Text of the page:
The effect of amino acids on the metabolic fate of 15NH4Cl in isolated sheep hepatocytes

Q J Luo, S A Maltby, Gerald Lobley, Alexander Graham Calder, Michael A. Lomax

Research output: Contribution to journalArticle

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Abstract

Ruminants characteristically absorb a large proportion of dietary nitrogen across the portal-drained viscera as ammonia nitrogen which is detoxified by conversion to urea in the liver. In theory, ammonia can supply both nitrogen atoms of the urea molecule via mitochondrial (carbamoyl phosphate) and cytoplasmic (aspartate) precursor pathways of the ornithine cycle but the effect of amino acids on the flux of nitrogen from ammonia to each of the two urea nitrogen atoms has not been determined. We report a study designed to determine the distribution of [15N] ammonia between [15N1]urea and [15N2]urea in sheep hepatocytes in response to ammonia concentrations (0.33, 0.67 and 1.00 mM) in the presence or absence of amino acids. In the absence of amino acids, the enrichment of [15N2]urea rose more rapidly during incubations than [15N1]urea and attained enrichments of 66-88% within 5 min of incubation. At the end of 2.5 h of incubation, [15N2]urea represented 60% and 90% of the total urea molecules at low and high ammonia concentrations, respectively. The enrichments of glutamate and aspartate were similar to [15N1]urea in the cells at the end of the incubations, even in the presence of unlabelled amino acids, supporting the concept of mitochondrial ammonia being in equilibrium with cytosolic aspartate formation. In the presence of amino acids basal urea synthesis increased but ammonia uptake and 15NH4Cl conversion to urea was less than in the absence of amino acids. The rate of formation of [15N1]urea was greater in incubations containing amino acids but when ammonia concentration in the media was raised only [15N2]urea flux increased with no change in either [15N1]urea or the unlabelled species. Measurement of media amino acid concentrations after 2.5 h of incubation in the presence of amino acids revealed that arginine, glutamine, glycine and alanine were removed while there was net formation of aspartate, threonine, serine, glutamate, and the branched chain amino acids. However, less than 12% of the 15N transfer appeared in free amino acids. The increases in basal and unlabelled urea synthesis in the presence of amino acids could be numerically accounted as the sum of arginine and glutamine removal from incubations. It is concluded that in sheep hepatocytes 15NH4Cl removal leads to quantitative formation of [15N2]urea, even in the presence of a physiological mixture of amino acids. The increase in the formation of the [15N1]urea in the presence of amino acids can be explained by the preferential utilisation of the amide nitrogen of glutamine for urea synthesis.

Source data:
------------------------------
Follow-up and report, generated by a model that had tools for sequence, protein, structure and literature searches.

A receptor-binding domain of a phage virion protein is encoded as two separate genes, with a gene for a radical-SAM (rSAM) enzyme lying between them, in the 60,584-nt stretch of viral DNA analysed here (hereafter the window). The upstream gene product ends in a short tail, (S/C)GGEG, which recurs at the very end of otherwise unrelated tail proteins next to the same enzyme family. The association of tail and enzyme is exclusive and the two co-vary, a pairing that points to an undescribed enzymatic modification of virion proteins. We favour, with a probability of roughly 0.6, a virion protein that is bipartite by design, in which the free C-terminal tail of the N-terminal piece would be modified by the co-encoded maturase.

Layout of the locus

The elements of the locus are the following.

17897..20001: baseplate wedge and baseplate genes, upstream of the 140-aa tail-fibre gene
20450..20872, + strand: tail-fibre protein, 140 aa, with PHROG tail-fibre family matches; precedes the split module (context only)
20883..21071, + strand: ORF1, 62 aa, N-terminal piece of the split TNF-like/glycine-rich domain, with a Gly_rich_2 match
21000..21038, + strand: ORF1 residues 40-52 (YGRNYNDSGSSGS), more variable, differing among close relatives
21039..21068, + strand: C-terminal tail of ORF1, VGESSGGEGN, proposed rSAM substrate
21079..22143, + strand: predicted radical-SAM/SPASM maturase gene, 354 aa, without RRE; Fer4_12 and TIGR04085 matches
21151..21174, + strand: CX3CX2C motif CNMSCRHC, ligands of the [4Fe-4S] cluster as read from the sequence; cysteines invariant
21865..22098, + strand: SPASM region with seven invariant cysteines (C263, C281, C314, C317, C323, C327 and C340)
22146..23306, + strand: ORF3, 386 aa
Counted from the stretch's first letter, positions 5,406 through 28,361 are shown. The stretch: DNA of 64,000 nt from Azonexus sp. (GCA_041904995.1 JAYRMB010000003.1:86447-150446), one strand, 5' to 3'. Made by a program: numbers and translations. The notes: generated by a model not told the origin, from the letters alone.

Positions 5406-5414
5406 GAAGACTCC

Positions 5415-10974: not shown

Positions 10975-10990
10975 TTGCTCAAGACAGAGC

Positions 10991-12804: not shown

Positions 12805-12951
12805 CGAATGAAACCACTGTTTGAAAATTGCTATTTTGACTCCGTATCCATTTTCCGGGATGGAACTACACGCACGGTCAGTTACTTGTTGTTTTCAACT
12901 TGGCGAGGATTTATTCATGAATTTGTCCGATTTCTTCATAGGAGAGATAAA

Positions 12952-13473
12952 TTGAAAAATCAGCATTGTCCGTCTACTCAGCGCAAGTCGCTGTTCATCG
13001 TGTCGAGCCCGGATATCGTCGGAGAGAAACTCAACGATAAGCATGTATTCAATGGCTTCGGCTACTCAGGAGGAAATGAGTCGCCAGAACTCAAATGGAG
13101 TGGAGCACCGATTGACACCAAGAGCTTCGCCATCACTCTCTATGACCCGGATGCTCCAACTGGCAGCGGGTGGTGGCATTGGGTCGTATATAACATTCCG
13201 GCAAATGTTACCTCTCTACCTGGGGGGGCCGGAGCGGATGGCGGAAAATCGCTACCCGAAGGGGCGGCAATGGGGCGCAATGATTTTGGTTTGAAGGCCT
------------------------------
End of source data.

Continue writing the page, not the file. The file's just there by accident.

Original languageEnglish
Pages (from-to)912-7
Number of pages6
JournalEuropean Journal of Biochemistry
Volume228
Issue number3
Publication statusPublished - 15 Mar 1995

Fingerprint

Urea
Hepatocytes
Sheep
Amino Acids
Ammonia
Nitrogen
Aspartic Acid
Glutamine
Arginine
Glutamic Acid
Carbamyl Phosphate
Fluxes
Branched Chain Amino Acids
Atoms
Molecules
Ornithine
Viscera
Ruminants
Threonine
Amides

Keywords

  • Amino Acids
  • Ammonium Chloride
  • Animals
  • Cells, Cultured
  • Liver
  • Male
  • Nitrogen Isotopes
  • Sheep
  • Urea

Cite this

The effect of amino acids on the metabolic fate of 15NH4Cl in isolated sheep hepatocytes. / Luo, Q J; Maltby, S A; Lobley, Gerald; Calder, Alexander Graham; Lomax, Michael A.

In: European Journal of Biochemistry, Vol. 228, No. 3, 15.03.1995, p. 912-7.

Research output: Contribution to journalArticle

Luo, Q J ; Maltby, S A ; Lobley, Gerald ; Calder, Alexander Graham ; Lomax, Michael A. / The effect of amino acids on the metabolic fate of 15NH4Cl in isolated sheep hepatocytes. In: European Journal of Biochemistry. 1995 ; Vol. 228, No. 3. pp. 912-7.
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T1 - The effect of amino acids on the metabolic fate of 15NH4Cl in isolated sheep hepatocytes

AU - Luo, Q J

AU - Maltby, S A

AU - Lobley, Gerald

AU - Calder, Alexander Graham

AU - Lomax, Michael A.

PY - 1995/3/15

Y1 - 1995/3/15